Even if the Browns defense, which held Pittsburgh to just three points in the second half, could duplicate its Week 1 performance there was still no way the offense could score enough points to win. A 0-2 start seemed written in the stars.
And then it wasn’t.
“We understand we aren’t the same Cleveland Browns,” safety Donte Whitner told the media after the Brown shocked the football world by defeating the New Orleans Saints 26-24 Sunday.
This most certainly is not. The Browns started the game poised but intense. Even when New Orleans fought back and took its first lead in the third quarter, Cleveland didn’t flinch. Hoyer and the offense marched right down the field and responded with seven points of their own.
They overcame the odds despite the world doubting them from afar. They weren’t the team anyone was paying attention to before the season but people are taking notice now.
Sound familiar? Does it sound like a coach who was leading a high school team just over a decade ago and defied the odds to ascend to the pinnacle of his profession? Does it sound like a coach who wasn’t the first, second third, fourth or maybe even fifth option for his job?
Does it sound like a coach who had to deal with a quarterback controversy and the world questioning every decision he made yet still picked the right leader for his offense? Does it sound like a coach who, despite taking the reins of one of the worst NFL franchises of the last decade, installed the philosophy of “Playing Like a Brown” this season?
Yes, this team sounds like Mike Pettine. They look like Mike Pettine. It seems as though they are becoming Mike Pettine.
He has made himself felt throughout the locker room. He has done it without being a “player’s coach” that is too lenient or a drill sergeant whom the players hate. He has done it through strategy.
He and general manager Ray Farmer replaced players they did not feel were passionate about football with guys who “hate to lose,” according to Kevin Jones of ClevelandBrowns.com.
There are players who are no longer on the Cleveland Browns roster because they lacked a passion for football. Plain and simple. Some of these players can compete and have landed on other NFL rosters.
But Ray Farmer, Mike Pettine and the rest of the coaching staff want men in their program who can’t wait to come to practice; who walk into the film room with a dozen questions to ask about next week’s opponent; who, most importantly, are passionate about restoring the Browns to an AFC powerhouse.
“We want to get guys that hate to lose,” Pettine told ClevelandBrowns.com in a sit down interview. “Losing makes them almost borderline physically ill. I told them, there are guys in this room are good enough to play in the NFL. They just might not be a fit for us.”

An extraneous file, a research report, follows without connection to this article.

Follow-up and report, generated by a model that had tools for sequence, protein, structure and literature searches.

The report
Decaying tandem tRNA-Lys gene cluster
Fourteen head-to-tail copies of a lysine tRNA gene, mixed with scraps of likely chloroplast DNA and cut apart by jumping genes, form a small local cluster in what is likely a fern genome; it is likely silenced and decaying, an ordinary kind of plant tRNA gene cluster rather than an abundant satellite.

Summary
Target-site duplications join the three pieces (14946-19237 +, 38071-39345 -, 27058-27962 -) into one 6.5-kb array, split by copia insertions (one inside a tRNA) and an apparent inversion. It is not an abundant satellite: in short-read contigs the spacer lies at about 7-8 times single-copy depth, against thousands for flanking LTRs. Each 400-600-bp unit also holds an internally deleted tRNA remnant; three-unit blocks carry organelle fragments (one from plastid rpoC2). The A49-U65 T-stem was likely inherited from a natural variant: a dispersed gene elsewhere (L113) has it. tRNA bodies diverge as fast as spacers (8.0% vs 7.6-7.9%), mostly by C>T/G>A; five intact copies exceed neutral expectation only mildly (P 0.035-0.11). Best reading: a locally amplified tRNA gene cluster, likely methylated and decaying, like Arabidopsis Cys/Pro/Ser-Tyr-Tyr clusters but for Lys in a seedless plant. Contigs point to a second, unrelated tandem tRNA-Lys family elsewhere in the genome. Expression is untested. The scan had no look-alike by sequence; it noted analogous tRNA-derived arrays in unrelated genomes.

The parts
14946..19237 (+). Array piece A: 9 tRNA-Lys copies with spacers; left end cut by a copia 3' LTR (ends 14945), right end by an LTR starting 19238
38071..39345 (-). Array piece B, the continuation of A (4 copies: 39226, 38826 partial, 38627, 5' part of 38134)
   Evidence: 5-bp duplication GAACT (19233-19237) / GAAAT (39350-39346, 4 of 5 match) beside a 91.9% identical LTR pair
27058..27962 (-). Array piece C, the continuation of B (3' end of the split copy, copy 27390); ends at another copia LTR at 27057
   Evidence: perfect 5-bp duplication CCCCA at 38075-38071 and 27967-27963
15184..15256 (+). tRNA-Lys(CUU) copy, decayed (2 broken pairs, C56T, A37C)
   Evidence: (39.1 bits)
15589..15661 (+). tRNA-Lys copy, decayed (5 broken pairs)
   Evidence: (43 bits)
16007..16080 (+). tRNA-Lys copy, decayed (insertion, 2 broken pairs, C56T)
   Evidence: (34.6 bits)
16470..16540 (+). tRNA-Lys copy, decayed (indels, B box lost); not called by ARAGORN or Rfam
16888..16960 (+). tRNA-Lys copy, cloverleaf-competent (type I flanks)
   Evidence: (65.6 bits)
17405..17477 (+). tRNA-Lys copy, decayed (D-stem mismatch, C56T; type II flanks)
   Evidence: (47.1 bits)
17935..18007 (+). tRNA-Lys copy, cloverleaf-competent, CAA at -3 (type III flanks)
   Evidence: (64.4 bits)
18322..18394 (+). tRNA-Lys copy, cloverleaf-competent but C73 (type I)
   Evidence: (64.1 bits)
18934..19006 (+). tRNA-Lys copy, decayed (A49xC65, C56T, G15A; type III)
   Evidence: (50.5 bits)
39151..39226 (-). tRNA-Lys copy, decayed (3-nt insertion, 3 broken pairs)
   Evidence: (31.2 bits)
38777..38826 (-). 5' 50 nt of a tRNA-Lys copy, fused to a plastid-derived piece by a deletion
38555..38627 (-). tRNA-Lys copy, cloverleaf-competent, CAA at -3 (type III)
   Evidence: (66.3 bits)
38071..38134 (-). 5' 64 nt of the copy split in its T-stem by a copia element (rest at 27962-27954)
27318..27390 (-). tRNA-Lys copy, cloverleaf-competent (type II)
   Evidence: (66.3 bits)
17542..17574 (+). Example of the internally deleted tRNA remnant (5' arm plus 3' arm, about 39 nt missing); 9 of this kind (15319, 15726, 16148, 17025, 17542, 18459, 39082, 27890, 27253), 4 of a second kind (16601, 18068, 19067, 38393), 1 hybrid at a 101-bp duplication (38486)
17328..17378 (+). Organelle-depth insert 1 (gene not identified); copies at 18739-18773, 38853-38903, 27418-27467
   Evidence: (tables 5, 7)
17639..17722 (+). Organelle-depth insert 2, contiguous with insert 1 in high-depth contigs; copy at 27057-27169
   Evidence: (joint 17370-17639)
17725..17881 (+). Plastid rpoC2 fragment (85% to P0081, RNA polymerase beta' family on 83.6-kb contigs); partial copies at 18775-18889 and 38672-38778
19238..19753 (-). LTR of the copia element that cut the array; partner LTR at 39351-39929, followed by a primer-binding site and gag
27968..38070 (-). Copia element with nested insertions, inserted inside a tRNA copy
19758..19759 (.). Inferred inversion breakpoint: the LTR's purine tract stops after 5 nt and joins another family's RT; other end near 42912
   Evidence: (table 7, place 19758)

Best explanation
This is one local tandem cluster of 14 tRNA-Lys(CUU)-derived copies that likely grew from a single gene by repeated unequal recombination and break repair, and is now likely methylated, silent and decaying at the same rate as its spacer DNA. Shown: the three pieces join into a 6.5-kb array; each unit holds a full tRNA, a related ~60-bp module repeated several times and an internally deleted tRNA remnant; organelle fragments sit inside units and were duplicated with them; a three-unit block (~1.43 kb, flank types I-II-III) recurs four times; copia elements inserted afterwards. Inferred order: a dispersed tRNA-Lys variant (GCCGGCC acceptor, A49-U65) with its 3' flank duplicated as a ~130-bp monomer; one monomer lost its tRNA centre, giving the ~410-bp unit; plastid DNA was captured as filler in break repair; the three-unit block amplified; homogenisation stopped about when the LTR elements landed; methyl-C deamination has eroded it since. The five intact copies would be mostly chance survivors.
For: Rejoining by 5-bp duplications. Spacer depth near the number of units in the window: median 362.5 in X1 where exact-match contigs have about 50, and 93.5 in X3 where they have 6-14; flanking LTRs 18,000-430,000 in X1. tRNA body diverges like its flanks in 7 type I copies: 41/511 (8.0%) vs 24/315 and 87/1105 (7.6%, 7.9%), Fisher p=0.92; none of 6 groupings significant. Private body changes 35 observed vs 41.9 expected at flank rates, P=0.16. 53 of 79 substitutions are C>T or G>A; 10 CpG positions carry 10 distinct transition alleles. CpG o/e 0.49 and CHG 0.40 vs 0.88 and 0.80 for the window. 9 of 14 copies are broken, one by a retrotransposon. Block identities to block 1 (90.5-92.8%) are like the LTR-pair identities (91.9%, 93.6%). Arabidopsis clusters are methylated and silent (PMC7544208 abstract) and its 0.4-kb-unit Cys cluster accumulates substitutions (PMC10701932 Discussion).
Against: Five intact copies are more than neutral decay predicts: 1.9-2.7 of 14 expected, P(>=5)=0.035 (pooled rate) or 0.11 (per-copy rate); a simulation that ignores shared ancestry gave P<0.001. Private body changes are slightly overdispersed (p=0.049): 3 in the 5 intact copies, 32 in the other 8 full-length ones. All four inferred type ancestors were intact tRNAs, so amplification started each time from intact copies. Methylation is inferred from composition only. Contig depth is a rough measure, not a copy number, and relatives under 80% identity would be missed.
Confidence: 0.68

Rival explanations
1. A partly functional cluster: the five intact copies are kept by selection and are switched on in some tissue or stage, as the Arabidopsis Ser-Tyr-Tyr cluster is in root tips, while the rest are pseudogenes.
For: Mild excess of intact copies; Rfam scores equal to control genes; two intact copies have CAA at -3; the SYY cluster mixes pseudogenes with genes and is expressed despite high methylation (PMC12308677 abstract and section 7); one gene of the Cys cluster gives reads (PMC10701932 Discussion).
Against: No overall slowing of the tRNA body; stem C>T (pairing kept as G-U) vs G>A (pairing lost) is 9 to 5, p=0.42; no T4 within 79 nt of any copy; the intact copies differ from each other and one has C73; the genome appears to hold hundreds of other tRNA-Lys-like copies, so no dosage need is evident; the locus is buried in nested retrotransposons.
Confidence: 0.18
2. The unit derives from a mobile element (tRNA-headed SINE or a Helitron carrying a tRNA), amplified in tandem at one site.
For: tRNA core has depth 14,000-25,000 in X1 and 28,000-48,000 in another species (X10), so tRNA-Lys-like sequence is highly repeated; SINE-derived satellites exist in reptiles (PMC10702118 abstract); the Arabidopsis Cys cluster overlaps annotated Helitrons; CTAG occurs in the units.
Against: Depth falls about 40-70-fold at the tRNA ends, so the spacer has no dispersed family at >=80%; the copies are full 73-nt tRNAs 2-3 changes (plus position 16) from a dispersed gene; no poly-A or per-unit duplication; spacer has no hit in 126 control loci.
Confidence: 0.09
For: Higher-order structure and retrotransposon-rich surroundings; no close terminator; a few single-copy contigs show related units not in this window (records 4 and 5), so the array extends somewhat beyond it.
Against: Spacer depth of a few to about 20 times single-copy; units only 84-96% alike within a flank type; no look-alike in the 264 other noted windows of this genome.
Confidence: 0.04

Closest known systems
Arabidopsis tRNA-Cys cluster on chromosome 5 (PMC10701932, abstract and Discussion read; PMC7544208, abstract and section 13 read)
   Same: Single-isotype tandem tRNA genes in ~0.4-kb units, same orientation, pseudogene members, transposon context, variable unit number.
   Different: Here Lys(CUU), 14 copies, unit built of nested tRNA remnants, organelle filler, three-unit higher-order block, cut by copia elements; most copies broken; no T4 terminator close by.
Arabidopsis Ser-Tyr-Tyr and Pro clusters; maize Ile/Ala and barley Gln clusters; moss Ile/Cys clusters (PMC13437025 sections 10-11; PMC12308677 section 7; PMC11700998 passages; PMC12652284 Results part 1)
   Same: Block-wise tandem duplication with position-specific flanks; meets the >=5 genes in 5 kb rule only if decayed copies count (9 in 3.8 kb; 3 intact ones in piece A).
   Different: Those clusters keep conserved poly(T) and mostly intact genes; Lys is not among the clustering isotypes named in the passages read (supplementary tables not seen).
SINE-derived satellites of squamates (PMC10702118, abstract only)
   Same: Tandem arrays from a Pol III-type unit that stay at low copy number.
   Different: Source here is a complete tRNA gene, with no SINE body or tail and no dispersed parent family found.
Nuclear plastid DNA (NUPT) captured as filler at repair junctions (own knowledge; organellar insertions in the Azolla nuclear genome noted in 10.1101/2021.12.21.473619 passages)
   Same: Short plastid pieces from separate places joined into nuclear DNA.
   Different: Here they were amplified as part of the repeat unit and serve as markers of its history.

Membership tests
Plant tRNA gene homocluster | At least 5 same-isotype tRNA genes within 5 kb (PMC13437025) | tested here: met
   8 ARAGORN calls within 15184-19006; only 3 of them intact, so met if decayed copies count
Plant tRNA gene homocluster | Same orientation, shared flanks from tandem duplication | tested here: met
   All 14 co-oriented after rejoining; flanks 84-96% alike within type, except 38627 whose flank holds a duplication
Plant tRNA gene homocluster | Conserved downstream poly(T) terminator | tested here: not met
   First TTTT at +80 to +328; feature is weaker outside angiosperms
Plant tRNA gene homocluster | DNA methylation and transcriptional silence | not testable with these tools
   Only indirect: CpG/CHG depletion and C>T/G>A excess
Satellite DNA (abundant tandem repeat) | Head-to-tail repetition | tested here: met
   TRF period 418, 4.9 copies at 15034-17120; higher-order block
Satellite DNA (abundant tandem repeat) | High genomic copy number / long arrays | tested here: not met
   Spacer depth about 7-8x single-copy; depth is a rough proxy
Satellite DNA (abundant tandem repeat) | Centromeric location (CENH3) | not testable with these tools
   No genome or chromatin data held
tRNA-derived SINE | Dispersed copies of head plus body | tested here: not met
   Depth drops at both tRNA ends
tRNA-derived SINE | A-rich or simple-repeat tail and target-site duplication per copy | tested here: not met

He insulated the locker room with passionate leaders like linebacker Karlos Dansby and Whitner. So it was not surprise when those exact two players used their voices and influence to will the Browns back into game against the Steelers after halftime.
That too is Pettine’s doing. He could have entered the locker room screaming and throwing things like most fans and many other coaches would have done. Pettine knew better, however. He knows his team like they are an extension of him because that is exactly what he wants.
Pettine let the leaders on the roster call their peers to the carpet. He let them question whether or not the team was going to fight or roll over and die. Sometimes the best leaders delegate to their most trusted underlings.
He has his team playing with a chip on its shoulder, as if responding to a perceived slight from the rest of the NFL. No one gives the Browns the respect they feel they deserve. That sounds familiar as well.
“Whether it was real or not, in my mind was thinking that people saw me as just a high-school coach,” Pettine told the media in his introductory press conference back in January. “Here’s a guy trying to make it in the NFL, but he’s just a high-school coach in the NFL. And that drove me. Again, that might not have been the case at all, but in the back of my mind, I used that.”
Once again, it is still very early in this season and even earlier in Pettine’s coaching career. That does not dampen the excitement I have for the possibility of what Pettine can be. Better yet, that does not dampen the excitement I have for what this team can be. Coach and team will grow together. They are one.
None of this guarantees long-term success. It does, however, guarantee that there is at least an opportunity for it to happen.
Mike Pettine told the media after Sunday’s win that he was going to go home and enjoy a “big ol’ cigar” to celebrate. He should, he deserves it.
Not just because he earned his first victory as a head coach but because he has already done something that no coach has done since the franchise’s return in 1999. He has given the Cleveland Browns an identity. The identity is not a star quarterback or a flashy wide receiver.
The Browns identity is that of an overlooked, hungry and angry underdog. It is the identity of Mike Pettine himself.
All quotes and observations were obtained first hand unless otherwise noted.